Cornell and Northwestern University engineers, along with a federal economist, have created an energy model that helps to remove carbon-generated power from the U.S. electric grid – replacing it with a greener, financially feasible wind, solar and hydro energy system.
Their new model is explained in a paper published Oct. 28 in Nature Energy.
“We’re trying to balance the priorities of maintaining a reliable, low-cost, efficient electricity system in the U.S., while shifting to a cleaner, greener system,” said co-author Jacob Mays, a Cornell postdoctoral associate in civil and environmental engineering. Mays will join Cornell’s engineering faculty after next semester as an assistant professor, where he will study the optimization of transportation and energy systems.
“The model in this paper,” he said, “is helping to structure tradeoffs between goals, such as low prices, greener energy and reliable electricity.”
The paper, “Asymmetric Risk and Fuel Neutrality in Electricity Capacity Markets,” is co-authored by David Morton, Northwestern University professor of industrial engineering and management sciences; and Richard P. O’Neill, chief economic adviser at the Federal Energy Regulatory Commission.
In the last three decades, electric utilities throughout the U.S. – which once controlled both power generation and transmission – have shifted toward restructured markets. These foster more competition than the once-traditional monopoly utility model, Mays said, as electric energy now can be created by one company and transmitted by another.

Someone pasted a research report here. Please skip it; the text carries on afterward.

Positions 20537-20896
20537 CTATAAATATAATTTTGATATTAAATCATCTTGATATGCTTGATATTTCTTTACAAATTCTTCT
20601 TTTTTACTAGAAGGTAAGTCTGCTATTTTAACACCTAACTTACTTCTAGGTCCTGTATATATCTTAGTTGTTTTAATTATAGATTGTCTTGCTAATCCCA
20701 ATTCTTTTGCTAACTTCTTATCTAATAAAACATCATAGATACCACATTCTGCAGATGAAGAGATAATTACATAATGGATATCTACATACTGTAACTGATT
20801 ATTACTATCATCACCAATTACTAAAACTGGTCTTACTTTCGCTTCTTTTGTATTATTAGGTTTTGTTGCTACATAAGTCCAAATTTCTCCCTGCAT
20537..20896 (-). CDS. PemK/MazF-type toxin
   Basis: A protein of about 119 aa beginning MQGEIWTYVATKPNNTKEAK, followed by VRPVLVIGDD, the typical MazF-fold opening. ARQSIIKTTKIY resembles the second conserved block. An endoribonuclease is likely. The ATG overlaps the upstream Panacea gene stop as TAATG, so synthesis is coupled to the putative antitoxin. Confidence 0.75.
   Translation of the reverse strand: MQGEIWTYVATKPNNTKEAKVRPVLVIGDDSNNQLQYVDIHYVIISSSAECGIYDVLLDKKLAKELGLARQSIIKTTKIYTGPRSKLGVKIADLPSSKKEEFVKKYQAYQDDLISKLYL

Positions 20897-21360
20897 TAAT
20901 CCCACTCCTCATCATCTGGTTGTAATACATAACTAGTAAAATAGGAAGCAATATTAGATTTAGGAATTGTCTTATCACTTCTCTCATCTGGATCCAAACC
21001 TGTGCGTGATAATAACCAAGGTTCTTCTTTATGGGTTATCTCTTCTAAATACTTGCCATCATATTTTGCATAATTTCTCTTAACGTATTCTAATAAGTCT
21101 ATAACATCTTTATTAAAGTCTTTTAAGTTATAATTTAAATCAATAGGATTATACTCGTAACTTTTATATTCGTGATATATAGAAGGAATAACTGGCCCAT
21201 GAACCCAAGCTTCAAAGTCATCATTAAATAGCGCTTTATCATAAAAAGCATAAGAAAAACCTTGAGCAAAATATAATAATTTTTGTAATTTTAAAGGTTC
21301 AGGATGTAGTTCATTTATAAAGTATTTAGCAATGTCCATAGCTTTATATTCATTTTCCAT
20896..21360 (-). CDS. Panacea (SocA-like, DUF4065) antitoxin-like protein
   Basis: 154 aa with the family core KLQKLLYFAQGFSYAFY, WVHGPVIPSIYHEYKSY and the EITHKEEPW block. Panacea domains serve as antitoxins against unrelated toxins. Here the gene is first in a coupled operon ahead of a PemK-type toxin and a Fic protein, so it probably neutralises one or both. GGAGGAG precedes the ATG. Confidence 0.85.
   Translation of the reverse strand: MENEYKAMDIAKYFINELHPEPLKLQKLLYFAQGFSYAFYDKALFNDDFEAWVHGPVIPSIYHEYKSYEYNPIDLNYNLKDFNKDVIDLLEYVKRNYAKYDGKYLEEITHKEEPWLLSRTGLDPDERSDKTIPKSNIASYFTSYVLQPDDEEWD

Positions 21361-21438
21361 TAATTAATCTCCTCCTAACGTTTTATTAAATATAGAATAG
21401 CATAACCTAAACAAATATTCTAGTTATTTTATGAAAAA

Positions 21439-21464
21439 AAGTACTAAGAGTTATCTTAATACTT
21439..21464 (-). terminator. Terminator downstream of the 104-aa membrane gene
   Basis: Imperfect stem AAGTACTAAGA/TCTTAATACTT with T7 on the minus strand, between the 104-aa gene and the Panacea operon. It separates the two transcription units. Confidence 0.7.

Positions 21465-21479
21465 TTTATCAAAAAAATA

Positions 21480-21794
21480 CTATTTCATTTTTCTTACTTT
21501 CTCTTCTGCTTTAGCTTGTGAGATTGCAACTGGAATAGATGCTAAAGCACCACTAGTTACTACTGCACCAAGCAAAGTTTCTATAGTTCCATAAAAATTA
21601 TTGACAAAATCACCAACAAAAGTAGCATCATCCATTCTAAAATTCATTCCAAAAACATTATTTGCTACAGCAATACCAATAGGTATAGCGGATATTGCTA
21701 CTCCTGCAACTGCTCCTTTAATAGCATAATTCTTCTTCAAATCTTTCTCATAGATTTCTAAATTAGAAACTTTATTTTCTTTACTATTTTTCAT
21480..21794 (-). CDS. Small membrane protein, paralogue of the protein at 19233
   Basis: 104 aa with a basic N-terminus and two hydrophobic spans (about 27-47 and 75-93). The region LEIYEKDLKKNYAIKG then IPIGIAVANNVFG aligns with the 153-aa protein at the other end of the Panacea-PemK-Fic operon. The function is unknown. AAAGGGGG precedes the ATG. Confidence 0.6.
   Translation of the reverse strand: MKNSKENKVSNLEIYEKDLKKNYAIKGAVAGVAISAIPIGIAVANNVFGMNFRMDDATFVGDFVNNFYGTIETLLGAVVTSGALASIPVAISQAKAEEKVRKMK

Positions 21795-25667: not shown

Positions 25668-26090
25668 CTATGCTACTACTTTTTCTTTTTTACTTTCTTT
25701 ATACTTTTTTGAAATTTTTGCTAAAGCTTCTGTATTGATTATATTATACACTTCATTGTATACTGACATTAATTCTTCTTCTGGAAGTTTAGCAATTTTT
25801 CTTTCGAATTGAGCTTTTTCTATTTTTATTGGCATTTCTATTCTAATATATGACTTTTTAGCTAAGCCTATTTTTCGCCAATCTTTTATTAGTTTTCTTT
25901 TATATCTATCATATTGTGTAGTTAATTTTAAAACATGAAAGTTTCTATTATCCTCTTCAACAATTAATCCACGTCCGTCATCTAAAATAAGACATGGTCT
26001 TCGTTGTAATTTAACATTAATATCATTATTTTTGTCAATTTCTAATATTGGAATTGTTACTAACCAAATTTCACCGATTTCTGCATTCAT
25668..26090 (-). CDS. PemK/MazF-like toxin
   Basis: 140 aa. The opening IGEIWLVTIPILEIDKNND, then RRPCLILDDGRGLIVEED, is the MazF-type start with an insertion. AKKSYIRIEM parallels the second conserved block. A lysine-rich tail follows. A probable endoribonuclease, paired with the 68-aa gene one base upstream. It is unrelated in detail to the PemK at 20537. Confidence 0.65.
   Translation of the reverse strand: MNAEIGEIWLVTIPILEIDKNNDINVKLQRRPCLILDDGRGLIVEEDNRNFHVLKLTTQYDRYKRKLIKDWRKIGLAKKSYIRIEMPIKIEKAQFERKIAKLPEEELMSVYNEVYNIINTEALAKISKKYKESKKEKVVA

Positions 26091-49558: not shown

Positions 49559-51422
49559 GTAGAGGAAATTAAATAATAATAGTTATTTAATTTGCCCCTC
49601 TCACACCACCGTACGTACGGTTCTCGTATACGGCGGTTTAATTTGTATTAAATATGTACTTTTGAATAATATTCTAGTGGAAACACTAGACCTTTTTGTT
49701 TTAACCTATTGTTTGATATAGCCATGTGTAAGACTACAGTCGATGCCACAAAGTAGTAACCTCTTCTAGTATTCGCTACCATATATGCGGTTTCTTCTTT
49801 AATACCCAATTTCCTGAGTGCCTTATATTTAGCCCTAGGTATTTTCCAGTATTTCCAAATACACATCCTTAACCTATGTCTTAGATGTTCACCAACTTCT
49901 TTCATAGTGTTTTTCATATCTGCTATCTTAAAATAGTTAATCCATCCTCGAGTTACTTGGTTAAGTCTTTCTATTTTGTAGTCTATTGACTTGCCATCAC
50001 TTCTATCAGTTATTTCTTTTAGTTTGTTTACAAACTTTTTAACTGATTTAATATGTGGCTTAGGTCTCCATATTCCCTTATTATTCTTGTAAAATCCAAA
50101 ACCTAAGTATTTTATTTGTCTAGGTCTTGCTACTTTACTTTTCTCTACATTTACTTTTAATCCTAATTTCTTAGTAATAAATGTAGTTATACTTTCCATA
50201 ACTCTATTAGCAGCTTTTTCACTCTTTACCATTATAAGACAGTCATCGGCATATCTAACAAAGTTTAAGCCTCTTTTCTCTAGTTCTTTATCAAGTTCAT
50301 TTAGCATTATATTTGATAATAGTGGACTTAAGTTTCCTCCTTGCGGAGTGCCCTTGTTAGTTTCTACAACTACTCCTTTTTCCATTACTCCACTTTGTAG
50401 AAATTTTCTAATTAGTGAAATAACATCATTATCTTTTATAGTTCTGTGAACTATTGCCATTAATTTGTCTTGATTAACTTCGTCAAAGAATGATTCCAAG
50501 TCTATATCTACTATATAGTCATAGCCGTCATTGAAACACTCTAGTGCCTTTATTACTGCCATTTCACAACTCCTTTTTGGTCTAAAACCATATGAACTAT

Choices made in the design of these restructured markets, however, make it easier for investors to fall back on carbon-based ways – such as natural gas – to make electricity. Developing a new model keeps the creation of wind, solar, nuclear and hydro power economically competitive and aligns markets toward a green future.
About two-thirds of the country participates in restructured electricity markets, according to Mays. When these markets were established, solar and wind made very little contribution to the overall energy mix.
“The complexity of electricity makes it difficult to have completely free markets. Instead, competition happens within the context of administrative rules,” Mays said. “Since those rules were written for traditional fossil fuel technologies, we need to rethink some of them as new technologies become a larger part of the market.
“With states and utilities setting goals for much higher levels of clean energy,” he said, “it’s important to make sure we incorporate renewables into the grid as efficiently as possible.”